Visualising the result of any EdTech implementation is an essential part of realising your goals – and having a robust digital strategy will guide you through the detail and the various steps to achieve them. But let’s do a bit of pre-planning before you get to that point and outline an overview of the process.
Here are six things for senior leaders to consider…
1. Initial pointers. Firstly, gain an understanding of where technology has the potential to be effective – whether that is helping educators fulfill a need, saving time or introducing the creative potential for future developments. Effective change will only happen with everyone on board, so empowering your middle leaders, staff and students to contribute their thoughts and ideas is worthwhile. Not only will it give you a broad steer on what is needed and a starting point to work from, but you will gain that all-important buy-in and investment that comes when people feel they are being included and that their contribution counts.
2. Involve all stakeholders. As leaders building a school-wide digital vision, you will need to ensure that all the stakeholders with expertise on the various facets of your proposed implementation are seated at the discussion table with you. For example, will there be enough internet bandwidth and storage to run the new solution? Your IT manager knows. Will it blow the IT budget for the next year? Your Finance Director has the details – you get the picture. You will be able to progress much faster with everyone on board, so never assume and aim to include everyone from the start.
3. Work within your digital strategy. Align specific staff with relevant experience to lead on various strands. Sharing the load not only makes things easier and ensures that people with the appropriate knowledge and expertise are in the right areas but it also provides valuable CPD opportunities.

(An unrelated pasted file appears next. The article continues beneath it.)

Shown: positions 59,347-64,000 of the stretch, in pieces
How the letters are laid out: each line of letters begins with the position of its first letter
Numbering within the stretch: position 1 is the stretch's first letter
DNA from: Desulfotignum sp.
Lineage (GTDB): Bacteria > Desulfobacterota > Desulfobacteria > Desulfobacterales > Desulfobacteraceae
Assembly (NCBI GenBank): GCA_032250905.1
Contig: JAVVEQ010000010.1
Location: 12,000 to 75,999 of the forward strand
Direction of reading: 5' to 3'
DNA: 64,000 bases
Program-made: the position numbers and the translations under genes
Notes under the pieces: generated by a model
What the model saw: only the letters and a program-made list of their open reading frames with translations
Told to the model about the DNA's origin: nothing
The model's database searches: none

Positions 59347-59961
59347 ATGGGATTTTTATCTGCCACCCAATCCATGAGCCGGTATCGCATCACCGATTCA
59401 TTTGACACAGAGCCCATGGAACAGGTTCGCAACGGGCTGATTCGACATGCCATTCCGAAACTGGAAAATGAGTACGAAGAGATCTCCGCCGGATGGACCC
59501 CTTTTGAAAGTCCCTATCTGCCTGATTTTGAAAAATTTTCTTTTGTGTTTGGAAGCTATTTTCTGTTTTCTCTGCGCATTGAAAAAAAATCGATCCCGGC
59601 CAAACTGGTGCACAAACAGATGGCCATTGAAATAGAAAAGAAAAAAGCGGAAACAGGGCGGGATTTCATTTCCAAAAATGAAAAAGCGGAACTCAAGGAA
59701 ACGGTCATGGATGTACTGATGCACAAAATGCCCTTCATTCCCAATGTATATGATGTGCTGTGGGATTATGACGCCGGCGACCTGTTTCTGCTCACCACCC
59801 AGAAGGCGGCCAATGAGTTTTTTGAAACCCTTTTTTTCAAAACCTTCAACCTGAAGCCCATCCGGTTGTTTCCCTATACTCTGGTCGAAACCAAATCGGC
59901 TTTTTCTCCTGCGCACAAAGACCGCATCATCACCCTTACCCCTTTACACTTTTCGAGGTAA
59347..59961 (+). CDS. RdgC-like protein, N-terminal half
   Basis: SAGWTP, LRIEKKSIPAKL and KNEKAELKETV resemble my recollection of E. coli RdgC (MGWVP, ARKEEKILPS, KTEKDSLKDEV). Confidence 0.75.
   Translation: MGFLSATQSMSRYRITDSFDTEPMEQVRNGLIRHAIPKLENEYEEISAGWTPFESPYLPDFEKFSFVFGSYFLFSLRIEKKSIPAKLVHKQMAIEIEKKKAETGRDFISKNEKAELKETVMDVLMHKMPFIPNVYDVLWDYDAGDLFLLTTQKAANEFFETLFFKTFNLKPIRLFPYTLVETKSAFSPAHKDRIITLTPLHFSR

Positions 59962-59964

In addition, senior leaders will need to ensure that any implementation aligns with the school’s development plan, prioritising the areas where the school needs to focus its attention for improvement.
4. Build confidence. There is no point in having technology in place if nobody knows how to use it. Building staff and students’ confidence by providing training and subsequent opportunities to practise and build on what they have learned is crucial – not just to a successful roll-out, but to ensure that the school gets the most effective use from its investment. It’s wise to check in with staff and students regularly once your solution is in place to find out how they are getting on and whether they need more training. The danger is that if people begin to feel left behind, the solution will fall out of use. A little hand-holding can go a long way!
5. Measure the impact. Be sure to assess the impact of your new technology in the classroom – and don’t forget any measures that may be linked indirectly to it. It is highly valuable to see evidence of any gains in learning or engagement from a pedagogy perspective but knowing about the wider benefits to infrastructure, data privacy or network security is also helpful in evaluating the effectiveness of your purchase. Sharing what you learn with staff and students (as appropriate) will provide further confidence that they are part of something that is working well.
Be aware that the word ‘impact’ can sometimes be heavy with pressure, so don’t let it be a barrier to your evaluation. Not every EdTech solution has measures of impact that can be recorded as a figure and entered onto a spreadsheet. Some gains, such as saving resources or promoting well-being, are far less tangible but equally important.
6. Employ data wisely. There is a significant difference between storing data simply because it is available and using it for a specific purpose. Employing relevant data can help senior leaders decide the best ways to support interventions and enhancements within the school or MAT. The focus should be on purposeful data, rather than data for data’s sake.
A digital strategy is not a rigid set of rules that every new EdTech implementation must stick to. Each solution, the situation it is applied to, and its hoped-for impact is different, so the plan adapts and flexes with every new piece of technology the school introduces. However, the overarching aims of good communication, hearing everyone’s voices, evaluation, measurement and confidence-building remain in place as the backbone of a plan that can propel your school into more effective and impactful EdTech use.
Al Kingsley is Chair of a Multi Academy Trust in the East of England, the CEO of NetSupport, and author of “My Secret #EdTech Diary” and “My School Governance Handbook”.